Colossoma macropomum Cuvier 1818, popularly known as tambaqui, is a native fish species from the Amazon and Orinoco River basins in northern South America [27]. Due to its large body size and highly appreciated meat for human consumption, tambaqui is among the most cultivated Neotropical fish species in fish farms [28]. Even though the escape of C. macropomum is not systematically monitored, the frequency of such events is high in the face of its continuous and intensive farm production. To date, there is no record of C. macropomum having formed large non-native populations, and their potential impacts are still not precisely known [17]. However, constant escapes from fish farms and colonization facilitated by climatic suitability may considerably enlarge any C. macropomum populations in non-native regions, increasing the probability of establishment in different South American river basins, potentially affecting the native fish fauna of such areas.

In this study, we consider C. macropomum as a potential invasive species for all South American river basins since its barrier to dispersal has been broken by human activities, especially through fish farming in net cages [17, 23]. Relying on correlations between climate and species occurrences our study simultaneously assesses the effects of climate change on the native distribution of C. macropomum and on its invasiveness across river basins of South America, using an ecological niche modeling approach. First, we estimated the range expansion of the species through climatically suitable areas of the continent at the present time. Then, we assessed the effects of climate change projected for 2050 and 2080 on the geographical distribution of C. macropomum in native and invaded regions. Finally, we identified climate refugia in the native region, corresponding to strategic areas for implementing species conservation measures, as well as in the invaded regions, corresponding to areas in which native fish fauna should experience the negative effects of C. macropomum invasion in the face of climate change. In addition to conservation issues, we also addressed considerations on socio-economic issues due to the effect of climate change on distribution of C. macropomum. The model predictions indicated that favorable climatic conditions, abundant at the present time, would become scarce in the future, implying conservation and socio-economic concerns in the native region. Although the invasive potential of this species is predicted to decrease in the face of climate change, climate refugia will remain in the Paraná River, the East Atlantic basins and the Southeast Atlantic basins, putting intense, negative pressures on native fish fauna.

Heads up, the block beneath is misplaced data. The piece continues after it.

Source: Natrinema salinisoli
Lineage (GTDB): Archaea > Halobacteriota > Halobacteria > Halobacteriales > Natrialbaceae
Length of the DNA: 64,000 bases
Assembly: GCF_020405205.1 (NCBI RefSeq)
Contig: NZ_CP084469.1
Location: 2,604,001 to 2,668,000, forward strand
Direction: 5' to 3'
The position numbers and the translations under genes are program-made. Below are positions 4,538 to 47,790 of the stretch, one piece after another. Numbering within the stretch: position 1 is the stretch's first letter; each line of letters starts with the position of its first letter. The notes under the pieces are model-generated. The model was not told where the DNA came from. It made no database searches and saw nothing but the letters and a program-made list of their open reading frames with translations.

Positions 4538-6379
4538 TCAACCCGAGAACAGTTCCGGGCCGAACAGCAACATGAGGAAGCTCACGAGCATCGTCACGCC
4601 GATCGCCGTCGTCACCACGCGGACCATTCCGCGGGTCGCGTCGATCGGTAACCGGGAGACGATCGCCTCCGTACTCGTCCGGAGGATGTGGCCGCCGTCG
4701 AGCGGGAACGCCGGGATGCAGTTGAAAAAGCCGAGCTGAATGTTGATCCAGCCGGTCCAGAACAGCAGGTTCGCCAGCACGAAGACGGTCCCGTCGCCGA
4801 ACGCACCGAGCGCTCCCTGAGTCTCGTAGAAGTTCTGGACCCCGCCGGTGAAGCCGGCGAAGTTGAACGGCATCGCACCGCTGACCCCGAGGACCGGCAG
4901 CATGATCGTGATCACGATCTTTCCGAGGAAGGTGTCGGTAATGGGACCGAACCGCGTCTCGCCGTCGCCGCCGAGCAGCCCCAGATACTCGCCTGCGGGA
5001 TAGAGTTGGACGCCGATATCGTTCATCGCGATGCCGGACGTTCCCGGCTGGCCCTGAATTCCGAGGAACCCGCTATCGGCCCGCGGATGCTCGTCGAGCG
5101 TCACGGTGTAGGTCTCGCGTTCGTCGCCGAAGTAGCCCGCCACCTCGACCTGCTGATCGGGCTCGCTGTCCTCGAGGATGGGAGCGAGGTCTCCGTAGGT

Occurrence data of the species

The occurrence data of Colossoma macropomum in South America were obtained from three databases: FishNet2 (, SpeciesLink ( and Global Biodiversity Information Facility (GBIF; We also used occurrence data provided by field samplings carried out by Universidade Estadual de Maringá/ Núcleo de Pesquisas em Limnologia, Ictiologia e Aquicultura–Nupélia, Universidade Federal do Tocantins/ Núcleo de Estudos Ambientais–Neamb and Limnobios. This search was still supplemented with an extensive review in ISI ( and Google Scholar ( using “Colossoma macropomum” as a key word. Occurrences of C. macropomum in non-native regions of the South America mostly originated from stocking and fish farming. Regarding the latter, fish farms are continuously putting juveniles and adults of C. macropomum into the natural environments of non-native areas mainly due to: i) the escape of individuals along with the effluent water; ii) their confinement breaking by natural flooding and iii) the inappropriate management of tanks. Thus, fish farming constitutes the main vector of C. macropomum introduction in South America. Based on the assumptions that there is no fully safe confinement and that fish farms act as constant and effective propagule sources for the cultivated species [17, 19], we added the locations of fish farms rearing C. macropomum as surrogates of species occurrence in natural environments, along with natural occurrences, to obtain a more realistic scenario of invasive potential of the species in the continent over time.